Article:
Chapter

The Bush Doctrine and Iraq a Sound Application of a Sound Doctrine

Robert G. Kaufman

in In Defense of the Bush Doctrine

Published by University Press of Kentucky

Published in print May 2007 | ISBN: 9780813124346
Published online September 2011 | e-ISBN: 9780813134987 | DOI: http://dx.doi.org/10.5810/kentucky/9780813124346.003.0008
The Bush Doctrine and Iraq a Sound Application of a Sound Doctrine

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Many of the tenets of the Bush Doctrine are derived from the Reagan administration's foreign policy positions. Similar to Reagan's stand on nuclear arms and strategic defense during the Cold War, President George W. Bush believes that preemption is a prudential strategy in responding to terrorist threats, depending on the dynamics and changing conditions of international politics. Those who criticize Bush for what they say is an arrogant and imprudent commitment to spreading democracy in the Middle East should note that this aspiration is consistent with the traditions of diplomacy that proved successful during World War II and the Cold War. The decision to remove Saddam Hussein from Iraq in 2003 was necessary, given Saddam's posturing and propensity to take enormous risks that rendered containment or imposing sanctions inadequate. Bush wisely recognized that negotiating with rogue regimes is futile and that democratic regime change is imperative in addressing the root cause of the conflict in the Middle East.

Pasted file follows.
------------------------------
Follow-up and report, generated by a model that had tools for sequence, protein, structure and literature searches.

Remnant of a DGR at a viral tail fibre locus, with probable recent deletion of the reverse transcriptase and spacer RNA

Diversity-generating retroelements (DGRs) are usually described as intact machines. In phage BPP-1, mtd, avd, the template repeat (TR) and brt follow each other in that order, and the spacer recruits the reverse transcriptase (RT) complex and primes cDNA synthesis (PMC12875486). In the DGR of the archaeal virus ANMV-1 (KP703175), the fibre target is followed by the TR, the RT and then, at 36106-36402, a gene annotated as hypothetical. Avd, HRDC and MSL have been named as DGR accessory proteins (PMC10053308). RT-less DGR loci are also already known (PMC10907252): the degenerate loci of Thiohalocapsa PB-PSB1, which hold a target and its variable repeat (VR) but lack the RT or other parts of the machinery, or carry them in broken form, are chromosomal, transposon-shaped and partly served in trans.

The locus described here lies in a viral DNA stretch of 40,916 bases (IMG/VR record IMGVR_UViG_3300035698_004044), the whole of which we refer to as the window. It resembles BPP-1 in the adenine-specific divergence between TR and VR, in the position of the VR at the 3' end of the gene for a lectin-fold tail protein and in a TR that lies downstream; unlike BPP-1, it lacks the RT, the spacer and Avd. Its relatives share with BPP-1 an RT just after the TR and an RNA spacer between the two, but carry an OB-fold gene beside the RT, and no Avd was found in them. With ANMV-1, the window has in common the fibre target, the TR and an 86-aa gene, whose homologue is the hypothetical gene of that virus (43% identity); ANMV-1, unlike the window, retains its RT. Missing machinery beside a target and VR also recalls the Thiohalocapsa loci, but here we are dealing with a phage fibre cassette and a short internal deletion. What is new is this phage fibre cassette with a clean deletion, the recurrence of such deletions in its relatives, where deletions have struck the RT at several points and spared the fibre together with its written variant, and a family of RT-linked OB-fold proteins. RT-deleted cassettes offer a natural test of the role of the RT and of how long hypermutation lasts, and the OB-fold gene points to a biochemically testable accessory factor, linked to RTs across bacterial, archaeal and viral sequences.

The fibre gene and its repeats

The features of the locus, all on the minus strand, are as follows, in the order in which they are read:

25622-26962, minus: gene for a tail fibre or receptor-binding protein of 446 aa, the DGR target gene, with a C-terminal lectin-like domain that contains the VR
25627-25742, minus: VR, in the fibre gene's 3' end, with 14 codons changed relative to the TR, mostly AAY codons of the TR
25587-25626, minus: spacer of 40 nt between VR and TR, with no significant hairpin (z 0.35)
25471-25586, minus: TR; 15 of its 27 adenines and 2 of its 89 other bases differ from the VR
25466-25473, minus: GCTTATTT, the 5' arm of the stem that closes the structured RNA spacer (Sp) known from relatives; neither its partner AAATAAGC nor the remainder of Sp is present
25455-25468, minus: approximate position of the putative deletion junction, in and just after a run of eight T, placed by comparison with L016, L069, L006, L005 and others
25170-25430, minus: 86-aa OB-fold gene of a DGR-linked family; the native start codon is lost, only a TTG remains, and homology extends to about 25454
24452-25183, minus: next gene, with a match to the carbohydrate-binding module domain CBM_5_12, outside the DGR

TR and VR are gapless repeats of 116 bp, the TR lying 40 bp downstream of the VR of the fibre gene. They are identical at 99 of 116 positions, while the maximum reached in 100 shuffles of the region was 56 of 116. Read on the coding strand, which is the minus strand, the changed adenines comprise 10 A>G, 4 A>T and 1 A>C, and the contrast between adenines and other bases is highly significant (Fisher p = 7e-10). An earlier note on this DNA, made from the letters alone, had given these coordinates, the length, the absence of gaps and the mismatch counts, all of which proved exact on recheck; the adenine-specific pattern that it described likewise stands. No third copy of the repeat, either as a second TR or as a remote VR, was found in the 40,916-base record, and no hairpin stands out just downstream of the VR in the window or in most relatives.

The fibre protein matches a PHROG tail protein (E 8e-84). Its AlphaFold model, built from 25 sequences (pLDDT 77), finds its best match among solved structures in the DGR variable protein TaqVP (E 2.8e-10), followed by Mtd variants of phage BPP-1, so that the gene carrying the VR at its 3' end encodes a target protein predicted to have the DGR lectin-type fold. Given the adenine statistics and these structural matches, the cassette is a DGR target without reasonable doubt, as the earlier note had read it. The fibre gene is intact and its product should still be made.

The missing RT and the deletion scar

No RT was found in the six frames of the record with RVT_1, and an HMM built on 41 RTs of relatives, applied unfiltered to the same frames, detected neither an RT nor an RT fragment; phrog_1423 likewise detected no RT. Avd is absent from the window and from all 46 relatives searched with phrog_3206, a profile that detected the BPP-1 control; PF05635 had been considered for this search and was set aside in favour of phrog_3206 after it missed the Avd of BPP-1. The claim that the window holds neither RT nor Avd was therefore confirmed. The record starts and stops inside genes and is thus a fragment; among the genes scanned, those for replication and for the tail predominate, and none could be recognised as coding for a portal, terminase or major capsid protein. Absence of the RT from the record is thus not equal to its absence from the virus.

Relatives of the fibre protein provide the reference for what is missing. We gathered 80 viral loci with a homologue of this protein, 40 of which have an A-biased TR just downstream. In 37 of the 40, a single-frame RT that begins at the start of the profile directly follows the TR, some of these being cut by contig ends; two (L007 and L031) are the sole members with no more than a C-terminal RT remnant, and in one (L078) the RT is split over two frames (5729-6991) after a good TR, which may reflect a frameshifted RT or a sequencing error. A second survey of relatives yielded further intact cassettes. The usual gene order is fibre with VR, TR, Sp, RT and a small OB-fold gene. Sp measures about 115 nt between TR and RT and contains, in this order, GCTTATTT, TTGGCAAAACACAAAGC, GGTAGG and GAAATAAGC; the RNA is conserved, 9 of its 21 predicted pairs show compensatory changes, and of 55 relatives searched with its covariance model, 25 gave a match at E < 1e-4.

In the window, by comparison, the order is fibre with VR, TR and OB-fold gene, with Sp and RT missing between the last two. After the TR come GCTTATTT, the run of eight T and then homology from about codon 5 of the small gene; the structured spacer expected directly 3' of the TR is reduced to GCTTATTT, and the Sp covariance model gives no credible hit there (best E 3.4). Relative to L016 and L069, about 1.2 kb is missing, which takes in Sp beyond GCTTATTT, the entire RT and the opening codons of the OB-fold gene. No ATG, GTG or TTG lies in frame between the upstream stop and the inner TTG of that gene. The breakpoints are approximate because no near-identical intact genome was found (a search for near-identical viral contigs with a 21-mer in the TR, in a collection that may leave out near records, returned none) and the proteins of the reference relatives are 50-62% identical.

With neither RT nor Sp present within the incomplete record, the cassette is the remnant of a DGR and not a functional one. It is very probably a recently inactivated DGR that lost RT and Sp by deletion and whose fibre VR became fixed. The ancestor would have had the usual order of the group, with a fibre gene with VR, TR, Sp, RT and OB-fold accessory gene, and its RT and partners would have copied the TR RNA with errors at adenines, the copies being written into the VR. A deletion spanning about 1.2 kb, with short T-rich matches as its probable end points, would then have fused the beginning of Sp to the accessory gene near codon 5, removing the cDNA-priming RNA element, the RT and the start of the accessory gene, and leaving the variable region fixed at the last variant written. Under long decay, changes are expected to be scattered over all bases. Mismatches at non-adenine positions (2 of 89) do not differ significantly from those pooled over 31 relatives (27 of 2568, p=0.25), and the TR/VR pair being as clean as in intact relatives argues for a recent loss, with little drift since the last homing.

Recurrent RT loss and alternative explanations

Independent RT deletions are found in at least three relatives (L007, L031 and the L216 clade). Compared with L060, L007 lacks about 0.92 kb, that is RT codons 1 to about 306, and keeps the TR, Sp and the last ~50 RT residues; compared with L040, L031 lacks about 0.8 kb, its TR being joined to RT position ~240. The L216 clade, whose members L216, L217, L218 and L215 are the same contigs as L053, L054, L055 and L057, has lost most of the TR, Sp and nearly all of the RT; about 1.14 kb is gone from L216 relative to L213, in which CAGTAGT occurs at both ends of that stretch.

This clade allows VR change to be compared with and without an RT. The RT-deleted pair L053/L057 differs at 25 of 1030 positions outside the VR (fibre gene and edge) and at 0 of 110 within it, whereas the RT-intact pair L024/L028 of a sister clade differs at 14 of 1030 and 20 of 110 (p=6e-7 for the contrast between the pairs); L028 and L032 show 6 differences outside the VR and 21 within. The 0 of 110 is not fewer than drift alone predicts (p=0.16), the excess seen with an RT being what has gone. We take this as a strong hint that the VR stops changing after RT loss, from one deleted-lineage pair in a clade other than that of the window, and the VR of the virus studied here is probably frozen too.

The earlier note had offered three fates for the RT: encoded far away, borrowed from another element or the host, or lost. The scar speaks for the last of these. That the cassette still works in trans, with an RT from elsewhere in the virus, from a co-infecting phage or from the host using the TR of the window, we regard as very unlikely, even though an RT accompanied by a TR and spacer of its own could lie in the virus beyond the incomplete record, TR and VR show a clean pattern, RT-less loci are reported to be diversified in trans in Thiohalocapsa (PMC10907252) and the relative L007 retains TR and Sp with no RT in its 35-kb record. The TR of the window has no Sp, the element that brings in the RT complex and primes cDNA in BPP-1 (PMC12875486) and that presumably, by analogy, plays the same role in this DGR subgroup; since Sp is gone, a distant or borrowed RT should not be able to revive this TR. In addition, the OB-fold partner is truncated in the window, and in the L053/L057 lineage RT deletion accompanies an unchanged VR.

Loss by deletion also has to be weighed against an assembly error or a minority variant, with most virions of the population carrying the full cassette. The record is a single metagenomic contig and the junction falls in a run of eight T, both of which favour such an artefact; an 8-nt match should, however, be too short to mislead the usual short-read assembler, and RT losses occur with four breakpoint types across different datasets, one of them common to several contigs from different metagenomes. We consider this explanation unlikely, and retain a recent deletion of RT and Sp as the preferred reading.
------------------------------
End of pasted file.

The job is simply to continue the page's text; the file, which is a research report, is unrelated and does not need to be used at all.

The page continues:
Keywords: Bush Doctrine; American foreign policy; international relations; preemption; regime change; Iraq invasion; terrorism; democracy; Middle East

Chapter.  6936 words. 

Subjects: US Politics

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